Town of Beaver Newsletter
September, 2010

Golden Gate of the Ozarks Bridge and the train trestle

"BEAVER SLAP" TALES

My friend, Pamela Teslow, told me that when you are out on the water you often hear a beaver "slap" its tail to give an alert. I had never experienced this so all credit for the title of this new newsletter goes to her. Thanks, Pamela.

Many of you have met Pamela at our post office where she has worked part-time. You may also know her husband, Larry. He has been so good at offering his services to help install parts of B.J.'s rose garden and to help maintain that and the post office property. They have owned the home behind the P.O. for a few years, but are now in the process of returning to their home in Minnesota. Larry will be back with his beloved lakes, trumpeter swans, bear cubs in the front yard and the deep freeze and beauty that is the north.

Pamela will, hopefully, start painting her beautiful flowers again and we wish both of them a fond farewell. My partner, Deborah, and I want to extend an invitation to come by our house on Friday, Oct 1st at 214 Squire Beaver (right across the street from the P.O.), between 4:30 and 6:30 p.m. to join us in a farewell get together.

Bonfire on the beach

What a summer! The horrible heat affected everyone and everything. Campers didn't want to camp, fish didn't want to swim and even the birds seemed to fly more slowly or not at all. For sure the deer were eating everything in sight and stuff they even hated, searching for one succulent bite with a little moisture. The armidillos were tearing up gardens and gravel driveways looking for a small living morsel that hadn't already dug down as far as it could to get away from the sun beating on the parched ground.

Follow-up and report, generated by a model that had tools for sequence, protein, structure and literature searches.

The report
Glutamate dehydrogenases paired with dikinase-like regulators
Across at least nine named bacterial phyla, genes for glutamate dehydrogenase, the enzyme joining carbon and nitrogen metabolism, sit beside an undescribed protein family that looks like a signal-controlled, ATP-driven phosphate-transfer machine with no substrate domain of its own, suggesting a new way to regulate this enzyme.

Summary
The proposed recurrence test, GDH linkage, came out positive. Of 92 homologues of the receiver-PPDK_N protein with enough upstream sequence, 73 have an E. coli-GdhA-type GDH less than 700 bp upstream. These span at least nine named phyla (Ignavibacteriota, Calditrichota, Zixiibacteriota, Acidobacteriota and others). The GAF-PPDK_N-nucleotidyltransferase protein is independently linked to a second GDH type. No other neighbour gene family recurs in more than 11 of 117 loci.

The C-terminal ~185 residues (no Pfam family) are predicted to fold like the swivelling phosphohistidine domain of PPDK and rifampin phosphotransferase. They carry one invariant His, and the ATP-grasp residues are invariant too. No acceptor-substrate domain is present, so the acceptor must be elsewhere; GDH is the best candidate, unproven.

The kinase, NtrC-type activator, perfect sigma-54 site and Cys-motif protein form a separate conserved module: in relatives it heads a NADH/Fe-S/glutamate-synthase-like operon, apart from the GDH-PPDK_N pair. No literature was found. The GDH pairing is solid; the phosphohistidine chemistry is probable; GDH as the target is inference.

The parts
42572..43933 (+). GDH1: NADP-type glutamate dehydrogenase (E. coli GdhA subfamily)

Campground at night

Yet, this was the best weather for swimming! I understand our local tow-headed son, Michael Cohick, learned to swim this summer! Good for you, Michael. You might see Michael and his faithful dog walking down the highway through town, visiting with people and enjoying each others company. Michael always has the beautiful beast on a leash and they watch out for one another. What a good dog and what a wonderful young man.

I met another wonderful young man this summer. John Maes stopped by one day and asked if he could search my property for metal. anything metal. Well, if you live on an old property like mine and drive over it with a truck or lawnmower, you say yes! John is studying anthropology at U of A and has been back again to do more treasure hunting.

John Maes

He did find a 1911 penny on the property and just kept on going. If John can help you find a lost ring or such objects you can email him at JMaes@uark.ed He is tenacious, polite, intelligent, and even fills in the holes he digs!

As summer wound down, we were so glad to see the park almost full on Labor Day weekend. Deborah and I were out picking up brush on our lot that adjoins the park. A young wonman asked if we could spare some branches. Seems her father always brought the firewood but hadn't that time. Hmmmm. Give away branches or hassle with a burn pile ourselves? Dump them over the fence?

Sikes Family

Later on I went to visit with these campers. Leslie had asked for the firewood. She was joined for the weekend by her friend, Jennifer, who was celebrating her birthday, and other family and friends. Leslie's father, Dennie Sikes, told me that he has been coming to the Beaver Park campground for many years. He loves the campground and has shared it with his family. It was his grand-daughter, Kelsea's, first visit, and she had brought her friend Cindy.

The two girls told me we needed a bigger slide and bigger swings, etc. and I agreed. Fund drive, maybe???? They were having a good time just as Leslie and Mr. Sikes had had for many years before them. It is people like this that keep us going as a town. Thanks , Mr. Sikes, for continuing to visit us and for sharing our beautiful little town with your family.

Enough for now. This little newsletter is just to give you a hint of what may be going on in town, or a story behind someone you drive by, live next to, or see walking out of the store or P. O. So many people, like myself, have moved into the area. A lot of folks who grew up here or have lived here a long time don't know us. We don't know you, but we want to. If you have any stories, tidbits of info, whatever you think might draw us together as a community, please feel free to email them to me at penny-sullivan@suddenlink.net with Beaver in the subjet line.

Until next time.

Graphics of a Beaver